This means that taking a prescribed path to attain Agile transformation does not work. Instead, agile42 takes on the approach of looking at the organizational context first, before selecting the right agile practices and tools.
Tell us your greatest agile challenge here, so that we can equip you with the necessary tools for a successful Agile transition.
We are happy to announce that Niels Verdonk has been accredited as a Certified Scrum Trainer (CST) from the Scrum Alliance during the latest round of expansion. agile42 currently employs 8 CSTs in Europe, North America, and South Africa, in addition to 7 Certified Enterprise Coaches (CEC). This allows us to tailor training and coaching solutions to the specific needs of our clients worldwide.
Niels started working as a Software Engineer in 1995, and after working for leading brand names as Nintendo, Nike and Novell as Software Architect before he started managing a team of developers at a startup. Inspired by XP since 1999, Niels started working with the small team using these practices and principles until the team grew too big and needed more structure. In 2006 they started using Scrum and scaled up to 9 teams, mostly scrum feature teams, some distributed, some component teams, some using kanban. Since 2011 Niels started working as an agile trainer and coach. In 2013 he founded the Dutch subsidiary of agile42 and has been working for large and small customers in the Netherlands, both for software as well as non-IT companies.
“Agile, Entropy and Human Systems” is the title of the keynote that will be presented by Joanne Perold for the Regional Scrum Gathering South Africa 2017 organised by SUGSA, taking place on November 8-9 in Cape Town.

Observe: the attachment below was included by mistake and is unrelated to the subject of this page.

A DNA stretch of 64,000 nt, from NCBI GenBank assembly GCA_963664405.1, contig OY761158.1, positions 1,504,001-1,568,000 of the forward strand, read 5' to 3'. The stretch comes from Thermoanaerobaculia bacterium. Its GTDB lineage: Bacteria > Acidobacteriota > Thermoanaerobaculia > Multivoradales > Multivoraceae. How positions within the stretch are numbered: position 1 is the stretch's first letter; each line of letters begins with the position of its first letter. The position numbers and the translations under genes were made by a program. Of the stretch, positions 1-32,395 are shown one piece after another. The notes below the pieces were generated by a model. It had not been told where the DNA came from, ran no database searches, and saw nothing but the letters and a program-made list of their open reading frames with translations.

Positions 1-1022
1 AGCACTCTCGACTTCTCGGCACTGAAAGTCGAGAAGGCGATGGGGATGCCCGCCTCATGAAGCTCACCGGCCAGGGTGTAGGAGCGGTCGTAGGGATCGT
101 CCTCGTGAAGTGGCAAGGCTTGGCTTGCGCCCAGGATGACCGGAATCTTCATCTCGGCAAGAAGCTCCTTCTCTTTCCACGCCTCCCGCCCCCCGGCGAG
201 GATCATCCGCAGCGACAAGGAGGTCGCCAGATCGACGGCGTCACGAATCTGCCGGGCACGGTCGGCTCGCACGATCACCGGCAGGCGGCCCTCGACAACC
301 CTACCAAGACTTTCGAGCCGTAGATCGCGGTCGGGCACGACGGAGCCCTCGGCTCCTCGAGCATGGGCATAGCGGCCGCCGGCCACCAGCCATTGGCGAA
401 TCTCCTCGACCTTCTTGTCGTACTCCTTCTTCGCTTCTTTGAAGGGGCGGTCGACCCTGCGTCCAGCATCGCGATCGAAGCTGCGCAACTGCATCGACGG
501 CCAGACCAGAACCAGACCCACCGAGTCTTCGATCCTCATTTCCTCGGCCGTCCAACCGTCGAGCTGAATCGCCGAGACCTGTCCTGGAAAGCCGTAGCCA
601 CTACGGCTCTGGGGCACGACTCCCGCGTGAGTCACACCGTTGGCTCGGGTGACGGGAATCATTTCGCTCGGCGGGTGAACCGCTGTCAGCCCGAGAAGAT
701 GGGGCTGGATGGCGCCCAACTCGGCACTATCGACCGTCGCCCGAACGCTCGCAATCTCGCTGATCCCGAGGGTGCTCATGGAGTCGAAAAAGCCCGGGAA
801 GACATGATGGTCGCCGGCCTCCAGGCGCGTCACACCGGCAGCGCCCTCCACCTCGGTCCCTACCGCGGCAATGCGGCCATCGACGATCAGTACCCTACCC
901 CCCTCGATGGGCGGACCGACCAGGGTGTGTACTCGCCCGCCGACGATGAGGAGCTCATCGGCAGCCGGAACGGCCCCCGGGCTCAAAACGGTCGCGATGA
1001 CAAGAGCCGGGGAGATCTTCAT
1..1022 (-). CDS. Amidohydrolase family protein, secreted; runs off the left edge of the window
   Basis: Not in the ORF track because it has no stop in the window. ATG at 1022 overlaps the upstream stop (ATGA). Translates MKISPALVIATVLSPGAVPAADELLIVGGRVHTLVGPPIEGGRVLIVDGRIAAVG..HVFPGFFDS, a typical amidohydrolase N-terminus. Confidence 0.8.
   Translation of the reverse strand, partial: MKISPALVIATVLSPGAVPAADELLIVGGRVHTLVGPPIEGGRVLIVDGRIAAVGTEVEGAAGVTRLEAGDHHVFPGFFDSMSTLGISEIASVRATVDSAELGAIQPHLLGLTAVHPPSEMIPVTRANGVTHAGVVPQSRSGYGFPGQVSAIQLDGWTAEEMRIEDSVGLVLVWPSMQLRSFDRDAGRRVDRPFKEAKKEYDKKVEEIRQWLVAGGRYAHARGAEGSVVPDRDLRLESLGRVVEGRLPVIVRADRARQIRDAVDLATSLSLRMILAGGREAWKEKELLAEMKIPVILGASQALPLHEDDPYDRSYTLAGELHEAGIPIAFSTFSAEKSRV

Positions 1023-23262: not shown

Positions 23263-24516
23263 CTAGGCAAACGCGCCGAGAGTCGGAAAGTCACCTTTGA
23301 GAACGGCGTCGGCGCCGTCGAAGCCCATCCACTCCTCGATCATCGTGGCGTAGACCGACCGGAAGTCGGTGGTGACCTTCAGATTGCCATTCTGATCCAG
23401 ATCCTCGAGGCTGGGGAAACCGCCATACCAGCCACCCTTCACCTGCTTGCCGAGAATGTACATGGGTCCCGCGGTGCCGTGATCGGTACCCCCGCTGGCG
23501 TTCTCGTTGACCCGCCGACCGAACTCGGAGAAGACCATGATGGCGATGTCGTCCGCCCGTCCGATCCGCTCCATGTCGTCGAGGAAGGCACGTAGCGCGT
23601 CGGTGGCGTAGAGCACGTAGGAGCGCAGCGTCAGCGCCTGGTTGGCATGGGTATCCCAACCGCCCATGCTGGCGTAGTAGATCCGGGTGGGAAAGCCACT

Joanne has been thinking a great deal about human systems, what makes them tick, what helps them be better and what gets in their way. In this talk, she will dig into human systems, entropy and agile. She will explore the things that she believes can help human systems to be better and share the things that she has seen yield results during her experience coaching.
We will soon report on this exciting event in Cape Town!
Last week I presented a talk at Tampere Goes Agile 2017, a free, fun and friendly agile conference by Agile Finland. It was titled Don't be random! Tools for structured team development.
The Coaching Card is a simple but powerful template for ScrumMasters, line managers and Agile Coaches who are interested in coaching their teams to become more mature. (If you're not interested in that, you're probably in the wrong job.)
The Coaching Card is both a thinking model and a template. It gives some backbone to the coaching work, helps people choose the right interventions and gives a degree of measurability to the work. It also lets several people collaborate around one team and helps junior coaches get mentoring and advice from more experienced coaches. It's one of those simple things that people don't know they are missing, but look so obvious in hindsight.
Coaching Cards are based on the OODA loop (inspect and adapt) and on Karl Tomm's coaching model. It very specifically uses observations, hypotheses, goals, metrics and interventions. The Coaching Card concept has been developed over the last 5-6 years by agile42, by doing it and helping others do it. It's our own solution to a common practical problem, and it is unique because there are literally no other solutions to this problem out there.